Syrian opposition figure sees favourable dynamics in frozen conflict

Ahmad Tumeh says Russia’s problems in Ukraine have helped opponents of government in Damascus

Syrian opposition figure Ahmad Tumeh speaks to The National in the Fatih district of Istanbul. Khaled Yacoub Oweis / The National
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When veteran Syrian dissident Ahmad Tumeh first took part in Russian-supervised peace talks in the Kazakh capital Astana six years ago, he was accused in opposition circles of having sold out in the struggle against President Bashar Al Assad.

The former political prisoner has attended all 20 or so rounds as head of the opposition delegation to the Astana talks, the last of which concluded last month without any progress on ending Syria's 12-year internal conflict.

The talks involving the Syrian government and its main backers Russia and Iran, as well Turkey, which supported the rebels, are authorised under a UN resolution. But they are a by-product of the Russia military intervention in Syria in 2015, which reversed the balance of power in the civil war in favour of Mr Al Assad.

Moscow's move forced the US to acquiesce to a Russian diplomatic approach that focused on ceasefires and undermined previous international agreements on reaching a political solution preceded by a transitional period. Turkey and Iran were brought in as so-called guarantor states.

Mr Tumeh says Russia used the talks to restore Mr Al Assad's control over Syria by promising reprieves to rebels in besieged areas, then bombing them into submission.

The opposition kept counting on a more assertive Turkish position, which in 2020 saved the last rebel areas in north-west Syria from falling to the regime and its allies, after Turkey and Russia came to the brink of war over Syria.

“Without Astana, the Russians and Iranians would have taken over all of Syria,” says Mr Tumeh, speaking to The National in Istanbul.

A veteran of the mostly underground Syrian dissident movement from the eastern province of Deir Ezzor, he fled to Turkey a year after the peaceful anti-Assad uprising in 2011 escalated into civil war.

He became head of the opposition Astana delegation, composed mostly of rebel commanders, because of his connections with Turkey and his moral sway over forces on the ground.

The Ukraine dynamic

Mr Tumeh believes the opposition's best chance of extracting any concessions from world powers lies in strengthening relations with Turkey, especially after the US and some Arab countries abandoned support for the rebels in 2015.

Washington maintained support only for Kurdish militias in the north-east, which the US military employed as the main ground component of the war on ISIS in Syria.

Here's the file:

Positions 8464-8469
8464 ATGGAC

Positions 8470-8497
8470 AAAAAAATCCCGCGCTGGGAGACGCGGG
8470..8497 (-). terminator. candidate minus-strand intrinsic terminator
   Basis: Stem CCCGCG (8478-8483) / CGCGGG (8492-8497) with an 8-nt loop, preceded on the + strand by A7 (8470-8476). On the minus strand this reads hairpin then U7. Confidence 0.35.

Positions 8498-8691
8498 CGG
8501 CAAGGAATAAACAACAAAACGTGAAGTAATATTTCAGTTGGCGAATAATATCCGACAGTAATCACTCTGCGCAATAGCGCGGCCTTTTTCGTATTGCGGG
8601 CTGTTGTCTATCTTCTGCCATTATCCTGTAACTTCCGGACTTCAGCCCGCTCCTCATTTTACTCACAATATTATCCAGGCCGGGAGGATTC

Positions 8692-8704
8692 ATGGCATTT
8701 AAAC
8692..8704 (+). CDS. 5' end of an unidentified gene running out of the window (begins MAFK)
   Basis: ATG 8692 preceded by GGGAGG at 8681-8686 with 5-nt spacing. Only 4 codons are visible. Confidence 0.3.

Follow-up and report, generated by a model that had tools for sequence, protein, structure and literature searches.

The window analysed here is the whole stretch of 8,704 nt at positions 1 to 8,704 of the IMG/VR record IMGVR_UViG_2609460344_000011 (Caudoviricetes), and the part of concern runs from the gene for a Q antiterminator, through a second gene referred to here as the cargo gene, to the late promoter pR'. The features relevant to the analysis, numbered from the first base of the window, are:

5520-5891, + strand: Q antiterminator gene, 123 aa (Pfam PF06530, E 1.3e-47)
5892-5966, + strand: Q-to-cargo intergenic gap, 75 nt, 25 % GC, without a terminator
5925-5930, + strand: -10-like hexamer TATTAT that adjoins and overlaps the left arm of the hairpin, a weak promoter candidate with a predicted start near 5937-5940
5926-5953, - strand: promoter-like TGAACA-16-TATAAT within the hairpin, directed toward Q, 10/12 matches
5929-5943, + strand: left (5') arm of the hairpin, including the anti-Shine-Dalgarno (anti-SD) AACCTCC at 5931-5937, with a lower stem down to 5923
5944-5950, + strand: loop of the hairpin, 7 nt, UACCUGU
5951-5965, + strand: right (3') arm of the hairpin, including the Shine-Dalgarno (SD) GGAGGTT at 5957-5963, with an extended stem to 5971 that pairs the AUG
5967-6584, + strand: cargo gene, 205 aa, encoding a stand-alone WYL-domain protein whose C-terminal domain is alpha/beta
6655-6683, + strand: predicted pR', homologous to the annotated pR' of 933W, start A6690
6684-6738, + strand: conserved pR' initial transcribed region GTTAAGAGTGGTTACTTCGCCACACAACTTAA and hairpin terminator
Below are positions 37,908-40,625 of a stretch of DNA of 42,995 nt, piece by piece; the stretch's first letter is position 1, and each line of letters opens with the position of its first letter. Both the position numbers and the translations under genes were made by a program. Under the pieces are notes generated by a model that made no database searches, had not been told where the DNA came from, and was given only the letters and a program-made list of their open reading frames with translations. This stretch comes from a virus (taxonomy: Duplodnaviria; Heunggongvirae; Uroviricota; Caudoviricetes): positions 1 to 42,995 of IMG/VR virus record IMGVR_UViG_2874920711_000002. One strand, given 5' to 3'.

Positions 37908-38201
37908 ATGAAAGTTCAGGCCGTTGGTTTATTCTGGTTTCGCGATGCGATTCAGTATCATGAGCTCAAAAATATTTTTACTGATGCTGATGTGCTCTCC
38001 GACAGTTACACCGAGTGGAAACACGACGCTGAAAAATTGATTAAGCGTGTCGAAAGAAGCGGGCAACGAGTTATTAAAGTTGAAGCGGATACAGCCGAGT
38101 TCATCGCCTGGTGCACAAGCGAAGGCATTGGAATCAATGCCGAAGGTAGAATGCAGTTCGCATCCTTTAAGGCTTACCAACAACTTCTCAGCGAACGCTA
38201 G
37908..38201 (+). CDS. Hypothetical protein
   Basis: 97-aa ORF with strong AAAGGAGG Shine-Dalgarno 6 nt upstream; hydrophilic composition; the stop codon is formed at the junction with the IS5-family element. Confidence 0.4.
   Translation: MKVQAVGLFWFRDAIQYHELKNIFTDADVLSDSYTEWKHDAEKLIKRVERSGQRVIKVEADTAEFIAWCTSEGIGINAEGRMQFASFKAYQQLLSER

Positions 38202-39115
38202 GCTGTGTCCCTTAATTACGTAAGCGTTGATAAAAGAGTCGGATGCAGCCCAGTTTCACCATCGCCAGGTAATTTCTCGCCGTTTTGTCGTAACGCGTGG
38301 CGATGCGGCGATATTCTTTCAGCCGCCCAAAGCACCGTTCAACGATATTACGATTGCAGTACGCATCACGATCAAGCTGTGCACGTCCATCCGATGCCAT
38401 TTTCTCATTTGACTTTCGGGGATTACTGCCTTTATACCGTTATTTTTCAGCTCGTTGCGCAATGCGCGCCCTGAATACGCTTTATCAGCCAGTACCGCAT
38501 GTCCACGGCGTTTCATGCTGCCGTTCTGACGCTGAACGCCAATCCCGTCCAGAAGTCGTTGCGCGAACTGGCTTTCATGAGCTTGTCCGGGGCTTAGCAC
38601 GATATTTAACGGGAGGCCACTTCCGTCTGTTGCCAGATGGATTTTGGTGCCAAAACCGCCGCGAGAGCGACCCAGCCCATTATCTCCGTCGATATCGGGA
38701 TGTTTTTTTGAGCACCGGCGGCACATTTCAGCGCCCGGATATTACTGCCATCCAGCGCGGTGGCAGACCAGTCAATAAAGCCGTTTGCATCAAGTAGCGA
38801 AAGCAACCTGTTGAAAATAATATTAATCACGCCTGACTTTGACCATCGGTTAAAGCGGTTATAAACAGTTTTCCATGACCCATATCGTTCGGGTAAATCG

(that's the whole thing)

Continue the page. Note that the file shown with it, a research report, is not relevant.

The opposition, he says, has not lost any territory since 2020 as Astana became mainly a forum to deal with ceasefire violations and Turkey bolstered rebel military capability in the north-west.

The invasion of Ukraine has also bolstered the position of anti-Assad forces in the area, with Russia reportedly having moved troops and equipment from Syria to Ukraine to prop up their position there.

“The Russians got mired in Ukraine and it became more difficult for them to pressure us to achieve political gains,” says Mr Tumeh, a dentist by training who studied Islamic theology.

In the 1980s, he became a disciple of the late Syrian Islamic thinker Jawdat Saeed, a proponent of non-violence who opposed the fanaticism of some of the Muslim Brotherhood’s ideologues.

Mr Tumeh was sentenced to three years in jail in Damascus in the 2000s for "undermining national morale’" and headed a provisional government, formed in 2013 in Turkey, to fill the vacuum in the areas that fell out of Mr Al Assad’s control.

The north-west is divided into areas controlled by Tahrir Al Sham, an Al Qaeda offshoot with open channels with Turkey, and the Syrian National Army, formed by Turkey in 2017.

The Syrian National Army is comprised mainly of rebels who were defeated after Russia intervened in Syria in 2015.

Using mainly air power, Russia helped to push back a march by an alliance of rebels and militants from the north-west to coastal strongholds of Mr Assad’s Alawite sect.

Many of those fighters became part of Tahrir Al Sham, the most powerful anti-Assad faction in Syria.

Dealing with Tahrir Al Sham is “complicated”, Mr Tumeh says, especially considering it is widely designated a terrorist group, even by Turkey.